The jet-lag was catching up to Ryan so we returned to back to our little apartment where he took a nice siesta. I, on the other hand, ventured back out to explore!  I wanted to get my bearings in this old city and discover all its nooks and crannies. And more importantly to figure out where we would have dinner.

When I returned, the light was incredible. Thankfully Ryan was feeling a little better so we grabbed the camera, tri-pod and hit the streets. Scooters and motorcycles – the transportation of choice – whizzed past us as we walked back into this charming old city in search of our first (and quite possibly my favorite) full Croatian meal.


In my earlier meanderings I’d scouted out a few menus that looked delicious. And while I am the pickier eater of this McEliece duo, I wasn’t so sure Ry would fancy any of my selections. Poor guy’s stomach was not so happy.
Rounding a cobblestone corner within the palace walls, we were lured by the sound of music. Curious, we peered down the little alleyway to find a classical guitarist playing in a secret little courtyard. His two adoring fans, who it seemed had escaped the confines of the dinner table and their parents’ gaze, were dancing unabashedly to his tune.
The ambiance: romantic. The decor: very eclectic Anthropologie chic. The menu: outstanding (in my opinion).
Mazzgoon was the place for us.


We chose a table for two close to the guitarist. The older of the two “little fans” kept looking at me as she danced. Maybe she sensed I was a dancer too. Or maybe it’s because I had the camera. She reminded me of myself when I was her age – twirly dress and all. Only I don’t think I was so bold. At any rate it made us both laugh. Our little Croatian ballerina girl.

And if the ambiance weren’t enough, the food… oh the food! But I’ll let the photos speak for themselves. Side note: prepare yourself for lots of food photos in the posts to come – I mean it’s food. It’s what we LOVE. And it was definitely one of the highlights of our Honeymoon, even with all my crazy dietary restrictions. Ryan’s convinced I have some sort of Mediterranean in me. Haha! I wish!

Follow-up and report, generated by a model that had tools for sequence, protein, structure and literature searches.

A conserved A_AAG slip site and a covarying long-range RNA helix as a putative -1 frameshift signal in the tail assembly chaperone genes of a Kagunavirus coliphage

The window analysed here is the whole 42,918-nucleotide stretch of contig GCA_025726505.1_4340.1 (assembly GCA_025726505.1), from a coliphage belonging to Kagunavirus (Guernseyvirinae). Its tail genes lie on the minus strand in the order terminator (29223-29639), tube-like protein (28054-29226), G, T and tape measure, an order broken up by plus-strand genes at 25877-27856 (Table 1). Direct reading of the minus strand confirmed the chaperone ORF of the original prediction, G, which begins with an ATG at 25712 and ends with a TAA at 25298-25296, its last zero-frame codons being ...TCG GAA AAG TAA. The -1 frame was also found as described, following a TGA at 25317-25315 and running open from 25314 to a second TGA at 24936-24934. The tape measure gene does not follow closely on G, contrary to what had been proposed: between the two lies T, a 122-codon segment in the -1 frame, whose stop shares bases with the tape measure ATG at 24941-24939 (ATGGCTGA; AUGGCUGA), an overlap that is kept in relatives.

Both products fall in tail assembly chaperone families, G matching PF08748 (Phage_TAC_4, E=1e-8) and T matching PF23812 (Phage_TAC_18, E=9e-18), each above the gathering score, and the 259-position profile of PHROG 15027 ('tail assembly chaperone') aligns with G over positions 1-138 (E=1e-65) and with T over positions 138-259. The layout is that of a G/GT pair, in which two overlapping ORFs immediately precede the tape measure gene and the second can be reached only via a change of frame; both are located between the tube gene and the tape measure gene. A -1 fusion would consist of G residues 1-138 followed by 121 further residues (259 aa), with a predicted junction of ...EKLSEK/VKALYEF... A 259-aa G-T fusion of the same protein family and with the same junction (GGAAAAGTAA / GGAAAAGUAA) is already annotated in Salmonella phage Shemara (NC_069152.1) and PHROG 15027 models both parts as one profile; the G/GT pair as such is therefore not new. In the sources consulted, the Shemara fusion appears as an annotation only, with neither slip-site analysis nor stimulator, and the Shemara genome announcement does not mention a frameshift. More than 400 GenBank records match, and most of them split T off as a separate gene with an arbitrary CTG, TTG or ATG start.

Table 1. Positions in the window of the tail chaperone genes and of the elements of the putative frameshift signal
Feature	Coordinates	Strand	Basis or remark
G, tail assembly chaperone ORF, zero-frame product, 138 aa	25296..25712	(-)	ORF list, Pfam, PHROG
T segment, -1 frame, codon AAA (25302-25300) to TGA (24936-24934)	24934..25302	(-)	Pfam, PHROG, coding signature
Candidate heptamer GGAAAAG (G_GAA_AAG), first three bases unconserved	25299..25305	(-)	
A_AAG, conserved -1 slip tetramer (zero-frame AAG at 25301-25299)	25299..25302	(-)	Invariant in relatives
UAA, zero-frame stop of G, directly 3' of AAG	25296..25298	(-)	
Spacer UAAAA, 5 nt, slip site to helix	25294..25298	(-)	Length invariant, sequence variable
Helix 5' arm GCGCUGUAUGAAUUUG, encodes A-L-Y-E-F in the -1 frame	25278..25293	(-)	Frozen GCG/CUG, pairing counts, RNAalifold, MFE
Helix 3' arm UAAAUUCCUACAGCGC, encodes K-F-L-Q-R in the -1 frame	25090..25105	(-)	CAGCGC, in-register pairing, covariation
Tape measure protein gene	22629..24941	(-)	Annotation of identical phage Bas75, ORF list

Dalmatian prosciutto was everywhere and it was crazy good as were the olives, capers, anchovies, and well, pretty much everything. I had what they called “traditional octopus.” It was baked in a heavy pot with fingerlings, tomatoes, onions and I think rosemary. I’m salivating just thinking about it. Never tasted anything quite like it. I think this might have been my favorite meal of our trip… But then again we had so many incredible meals!
The one bit of cautionary advice I’d give anyone when traveling to Croatia (Europe?) is to expect slow service. Everywhere. It’s not an insult. It just is. It’s how they do things there… part of their relaxed culture and way of life. At least that’s what I told myself. Everyone was very friendly, we just had to wait a while. Sometimes a long while. Good thing we were on vacation.


As we sat there enjoying the food, the music and each other’s company dusk snuck up on us. The amber twinkle of the lights slowly awakening to the night brought new life into my husband as we went in search for his perfect night shot – shot as in photograph. Just thought I should clarify… I think the gelato helped as well. The clouds in the sky lit up as people reclined on the steps outside the old ruin listening to someone sing outside the restaurant opposite.




We wandered back to our apartment full of anticipation for what the next two weeks would hold. If this first day was any indication it would be full of sunshine, beautiful views, amazing food and lots adventure with my love and very best friend. I couldn’t think of anything better!